Opinion writer

Republican presidential candidates at the first prime-time presidential debate last month. (Scott Olson/Getty Images)

With the excepting of Sen. Ted Cruz (R-Tex.), the campaign’s Eddie Haskell who fawns over Donald Trump, and Ohio Gov. John Kasich, who has tried to steer clear of him, most every contender in the GOP presidential field has landed a blow or two against Trump.

They, collectively, have rebuked him for misogyny, racism, xenophobia, ignorance, arrogance, inconsistency and more. Pundits obsessed with meaningless national polls are convinced this is not working, but in fact each candidate in his or her way is building the case against Trump. They are working to limit his appeal and to throw him off his game.

Sure enough, by week’s end he was hitting potholes. He insulted Carly Fiorina’s appearance and denied doing it — to the eye-rolling of the media and opponents. He eventually admitted he made the remark in  the context of being an “entertainer,” raising the question whether he is running for commander in chief or creating a reality show.

He bombed in a speech to a pro-Ukraine conference. The Hill reported:

Donald Trump delivered an address at a pro-Ukraine conference on Friday, calling President Obama “not strong” and saying Russian President Vladimir Putin “does not respect our president.”

More notable than what he said, however, was the way he said it.

Giving his speech via satellite feed, Trump spoke slowly, put heightened emphasis on his words and took long pauses between each sentence, evidently under the impression that he had to wait for translators to interpret his remarks to the audience.

“You need not wait for any translation,” one of the conference moderators said at one point.

And then there was his recycled 2013 tweet on 9/11, which chose the anniversary of the deaths of 3000 Americans to lash out at “losers” and “haters.” (“I would like to extend my best wishes to all, even the haters and losers, on this special date, September 11th.”) What a piece of work he is. (It’s not a “special” day like a birthday; it is a solemn remembrance and opportunity to reflect on the sacrifices of fellow Americans.)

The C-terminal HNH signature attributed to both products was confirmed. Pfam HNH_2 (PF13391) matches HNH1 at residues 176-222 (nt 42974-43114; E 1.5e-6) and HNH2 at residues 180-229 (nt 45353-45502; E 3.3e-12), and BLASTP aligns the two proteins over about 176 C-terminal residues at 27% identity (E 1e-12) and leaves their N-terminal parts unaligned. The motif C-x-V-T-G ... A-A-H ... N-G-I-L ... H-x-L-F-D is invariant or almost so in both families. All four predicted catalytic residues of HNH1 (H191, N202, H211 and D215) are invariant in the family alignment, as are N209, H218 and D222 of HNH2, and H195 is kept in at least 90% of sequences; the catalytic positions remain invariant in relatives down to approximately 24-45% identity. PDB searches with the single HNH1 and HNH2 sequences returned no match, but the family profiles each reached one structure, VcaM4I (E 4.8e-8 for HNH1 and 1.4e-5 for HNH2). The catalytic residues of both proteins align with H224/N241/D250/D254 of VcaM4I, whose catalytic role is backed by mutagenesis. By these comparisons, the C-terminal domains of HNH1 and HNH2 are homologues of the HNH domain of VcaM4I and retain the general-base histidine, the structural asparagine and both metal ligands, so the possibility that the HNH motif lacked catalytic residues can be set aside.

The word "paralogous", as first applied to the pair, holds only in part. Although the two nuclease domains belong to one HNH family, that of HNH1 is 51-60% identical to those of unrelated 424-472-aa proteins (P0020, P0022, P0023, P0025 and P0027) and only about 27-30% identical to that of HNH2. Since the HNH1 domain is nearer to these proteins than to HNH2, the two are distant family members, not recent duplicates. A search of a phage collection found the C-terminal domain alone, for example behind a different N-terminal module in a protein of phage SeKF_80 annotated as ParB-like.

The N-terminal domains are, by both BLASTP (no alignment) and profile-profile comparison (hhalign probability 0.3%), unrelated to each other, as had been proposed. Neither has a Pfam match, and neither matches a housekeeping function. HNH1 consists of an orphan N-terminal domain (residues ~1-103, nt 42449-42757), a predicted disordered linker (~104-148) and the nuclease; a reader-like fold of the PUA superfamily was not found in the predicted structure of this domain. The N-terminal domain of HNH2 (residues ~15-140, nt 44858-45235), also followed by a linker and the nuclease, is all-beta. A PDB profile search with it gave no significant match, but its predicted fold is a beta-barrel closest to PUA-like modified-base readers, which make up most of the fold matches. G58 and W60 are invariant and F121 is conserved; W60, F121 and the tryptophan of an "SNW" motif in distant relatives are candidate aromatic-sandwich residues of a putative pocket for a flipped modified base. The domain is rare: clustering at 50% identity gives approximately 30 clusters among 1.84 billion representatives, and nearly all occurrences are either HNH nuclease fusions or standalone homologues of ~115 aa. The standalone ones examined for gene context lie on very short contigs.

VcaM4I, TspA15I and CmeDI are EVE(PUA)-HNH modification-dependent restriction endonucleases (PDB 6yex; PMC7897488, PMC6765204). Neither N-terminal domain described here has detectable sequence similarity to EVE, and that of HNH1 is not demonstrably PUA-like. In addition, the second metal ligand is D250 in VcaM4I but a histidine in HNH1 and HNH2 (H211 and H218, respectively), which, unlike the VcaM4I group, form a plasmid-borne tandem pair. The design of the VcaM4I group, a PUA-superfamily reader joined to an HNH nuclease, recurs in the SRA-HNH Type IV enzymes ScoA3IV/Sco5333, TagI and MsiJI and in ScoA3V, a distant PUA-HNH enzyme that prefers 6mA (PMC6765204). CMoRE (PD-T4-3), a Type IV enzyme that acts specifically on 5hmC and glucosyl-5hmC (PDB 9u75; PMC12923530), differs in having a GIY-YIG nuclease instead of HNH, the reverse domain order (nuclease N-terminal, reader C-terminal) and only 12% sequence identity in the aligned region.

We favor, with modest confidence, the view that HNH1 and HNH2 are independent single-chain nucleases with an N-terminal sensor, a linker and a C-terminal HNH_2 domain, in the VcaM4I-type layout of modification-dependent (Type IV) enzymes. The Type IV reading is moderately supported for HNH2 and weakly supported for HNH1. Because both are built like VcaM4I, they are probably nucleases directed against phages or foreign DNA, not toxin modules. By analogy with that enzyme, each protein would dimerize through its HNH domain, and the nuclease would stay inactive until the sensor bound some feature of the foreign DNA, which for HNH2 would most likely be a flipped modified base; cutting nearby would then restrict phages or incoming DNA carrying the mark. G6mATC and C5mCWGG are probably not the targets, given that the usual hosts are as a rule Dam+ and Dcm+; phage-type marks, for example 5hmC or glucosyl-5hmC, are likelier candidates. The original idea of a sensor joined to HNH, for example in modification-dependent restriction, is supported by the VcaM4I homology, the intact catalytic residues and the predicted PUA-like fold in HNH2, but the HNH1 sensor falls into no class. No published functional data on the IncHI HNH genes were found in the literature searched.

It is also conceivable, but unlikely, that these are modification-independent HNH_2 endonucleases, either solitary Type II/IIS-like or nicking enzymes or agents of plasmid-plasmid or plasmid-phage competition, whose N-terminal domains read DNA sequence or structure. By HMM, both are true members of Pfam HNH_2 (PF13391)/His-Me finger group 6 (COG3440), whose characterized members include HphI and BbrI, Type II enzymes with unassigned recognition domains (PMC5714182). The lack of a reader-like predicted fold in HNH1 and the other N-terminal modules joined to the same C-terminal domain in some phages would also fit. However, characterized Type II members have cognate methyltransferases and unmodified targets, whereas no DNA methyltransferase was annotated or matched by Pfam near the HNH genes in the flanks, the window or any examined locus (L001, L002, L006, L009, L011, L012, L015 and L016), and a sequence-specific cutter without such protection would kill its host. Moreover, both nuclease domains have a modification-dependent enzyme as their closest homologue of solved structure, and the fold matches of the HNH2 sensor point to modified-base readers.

At Wednesday’s debate, any number of opponents can lift the tone of the discussion, reject the politics of hate and insults and continue to present a contrast between Trump’s bombastic approach and serious, humane governance to fix what is wrong in the country.

Jeb Bush, as he has begun to do, should amplify the difference between his responsible ideas on immigration, government reform and taxes with Trump’s fly-by-the-seat-of-the-pants, contradictory declarations. Is Trump a liberal who wants to raise taxes or a conservative who thinks government is too big already?

From Ben Carson we can expect a stylistic contrast: The soft-spoken, gentle, pious doctor vs. the mogul who reduces everything to appearances and money. Really, could voters be proud of casting their vote for a billionaire devoid of redeeming personal characteristics?

Then there is Kasich. Rather than duck a fight, Kasich would be wise to show off his blue-collar, common man background and concern for those “living in the shadows.” Trumps cruelly calls them “losers”; Kasich should give him his speech on empathy reminding him that these are fellow Americans.

New Jersey Gov. Chris Christie, one of the funnier and more incisive candidates, can demonstrate that leadership is not about ordering people about, but working collaboratively to accomplish things, as he did in a blue state, on issues like education and entitlement reform. Christie has also demonstrated prowess with regard to foreign policy and can challenge Trump. After all, we don’t make “America great again” just by giving a speech. Until recently Trump did not want to rip up the Iran deal, just “police” it. Is that a recipe for making America great? What about preserving the NSA or Guantanamo?

Sen. Marco Rubio (R-Fla.) is running a hopeful campaign based on creating opportunity in the 21st century. He should not be afraid to remind us that Trump, 69, is a 20th-century billionaire who inherited his wealth. No wonder Trump advocated measures like protectionism and tax hikes. No skin off his nose.

Fiorina may be best positioned to show up Trump. Both because she is a woman and because she is verbally adept, she is ideally situated to call out his disrespectful, nasty rhetoric and disdain for women. Moreover, her ongoing attack against cronyism is the perfect issue on which to skewer Trump, who brags about his buying politicians. For him, getting rich is about manipulating government to his ends, the exact arrangement conservative reformers want to end.

We don’t know who will choose to engage Trump most directly. But in providing an informed, rational and detailed plan for governance Trump’s competitors can make the case: They are ready to lead a great country and he is, as he admitted, an entertainer with a flair for self-promotion. For them it is all about the country; for Trump it is solely about Trump.